Andreas: Diversity and a common vision and again passion. You want enough diversity to talk to a wider audience and refine your work but you need to be heading in the same direction so you get stuff done. Plus of course the skills to do the job at hand.
Ian: Ambition, integrity and relationship.
Gender is a topical subject in mainstream media at the moment. What led you to tell the story through the eyes of a female character? (Was that an instinctive/natural or conscious choice?)
Ian: Definitely a conscious choice when writing this and definitely a challenge for us creatively being that the primary writers are all men.
‘For me, I feel that women in music are viewed with especially narrow set of expectations these days and I think that they face a much greater challenge than male artists in being allowed to have their own voice.’
Andreas: It was definitely conscious. We feel that gender roles are still an important issue to be addressed in society. Our story get’s intensified through the eyes of a female character because she has to go through so much more stuff compared to a guy especially as an artist. There is still so much more prejudice and pressure woman have to deal with.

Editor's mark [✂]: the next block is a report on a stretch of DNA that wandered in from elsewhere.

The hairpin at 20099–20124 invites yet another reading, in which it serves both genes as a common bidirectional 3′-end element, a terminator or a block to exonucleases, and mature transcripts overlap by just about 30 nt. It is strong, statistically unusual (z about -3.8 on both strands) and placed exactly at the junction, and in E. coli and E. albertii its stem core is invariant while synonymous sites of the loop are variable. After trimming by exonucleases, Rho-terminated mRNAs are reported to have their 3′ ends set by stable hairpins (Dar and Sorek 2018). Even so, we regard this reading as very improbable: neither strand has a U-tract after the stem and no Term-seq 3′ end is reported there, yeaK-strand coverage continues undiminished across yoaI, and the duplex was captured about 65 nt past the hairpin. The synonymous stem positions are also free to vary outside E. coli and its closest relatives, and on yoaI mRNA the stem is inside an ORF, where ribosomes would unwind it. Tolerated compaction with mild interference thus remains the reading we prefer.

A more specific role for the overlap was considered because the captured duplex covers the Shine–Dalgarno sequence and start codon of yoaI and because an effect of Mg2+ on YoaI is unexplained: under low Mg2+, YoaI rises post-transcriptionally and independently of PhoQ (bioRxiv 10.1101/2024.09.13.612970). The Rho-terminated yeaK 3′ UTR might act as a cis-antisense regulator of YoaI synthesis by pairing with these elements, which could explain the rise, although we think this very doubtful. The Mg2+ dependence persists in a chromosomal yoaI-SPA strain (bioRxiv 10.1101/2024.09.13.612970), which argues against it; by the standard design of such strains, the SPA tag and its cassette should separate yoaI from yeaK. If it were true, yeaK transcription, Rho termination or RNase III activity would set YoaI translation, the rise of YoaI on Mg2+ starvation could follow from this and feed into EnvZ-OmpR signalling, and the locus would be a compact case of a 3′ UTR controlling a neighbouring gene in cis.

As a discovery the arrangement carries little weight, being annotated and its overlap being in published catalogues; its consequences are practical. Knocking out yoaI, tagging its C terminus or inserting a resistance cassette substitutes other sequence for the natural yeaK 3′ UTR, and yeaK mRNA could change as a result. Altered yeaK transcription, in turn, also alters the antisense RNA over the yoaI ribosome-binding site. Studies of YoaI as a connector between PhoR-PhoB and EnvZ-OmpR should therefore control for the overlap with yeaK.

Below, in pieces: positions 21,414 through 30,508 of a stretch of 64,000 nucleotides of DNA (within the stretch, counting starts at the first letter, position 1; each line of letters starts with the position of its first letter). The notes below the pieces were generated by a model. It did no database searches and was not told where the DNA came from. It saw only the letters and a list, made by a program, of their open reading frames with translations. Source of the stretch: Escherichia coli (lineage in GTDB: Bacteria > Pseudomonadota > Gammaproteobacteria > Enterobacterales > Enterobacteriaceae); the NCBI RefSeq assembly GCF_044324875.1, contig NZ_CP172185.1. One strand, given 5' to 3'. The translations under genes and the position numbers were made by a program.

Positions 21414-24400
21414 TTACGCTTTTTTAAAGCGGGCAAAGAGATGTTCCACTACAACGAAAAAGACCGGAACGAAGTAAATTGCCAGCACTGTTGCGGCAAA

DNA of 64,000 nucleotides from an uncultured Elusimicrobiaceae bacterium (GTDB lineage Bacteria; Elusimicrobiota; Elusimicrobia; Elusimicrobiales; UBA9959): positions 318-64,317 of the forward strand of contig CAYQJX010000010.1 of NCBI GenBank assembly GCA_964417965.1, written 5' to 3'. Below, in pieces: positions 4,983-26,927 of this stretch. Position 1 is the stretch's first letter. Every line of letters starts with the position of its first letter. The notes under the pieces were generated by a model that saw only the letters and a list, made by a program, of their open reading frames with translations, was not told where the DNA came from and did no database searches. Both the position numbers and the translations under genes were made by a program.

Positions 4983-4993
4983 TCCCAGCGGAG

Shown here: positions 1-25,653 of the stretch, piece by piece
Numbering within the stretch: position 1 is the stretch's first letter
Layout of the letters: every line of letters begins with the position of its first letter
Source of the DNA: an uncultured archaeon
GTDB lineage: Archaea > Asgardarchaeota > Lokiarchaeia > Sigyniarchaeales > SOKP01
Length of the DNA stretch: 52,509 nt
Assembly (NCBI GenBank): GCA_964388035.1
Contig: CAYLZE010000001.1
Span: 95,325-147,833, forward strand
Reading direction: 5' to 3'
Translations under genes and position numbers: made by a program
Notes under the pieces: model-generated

Music is at the heart of A Perfect Song. What impact has the role of music had on your life?
Andreas: A big one. I do believe that it is an universal language that can communicate a mood and emotion and even story without a specific language that needs to be understood. Growing up in a western non-english speaking country we listened to lots of english songs as kids and even though we did not understand a single word, it still spoke to us and inspired us.
Ian: Music is very important to me! For me it has been as much a way of discovery as it has been a channel for creative expression.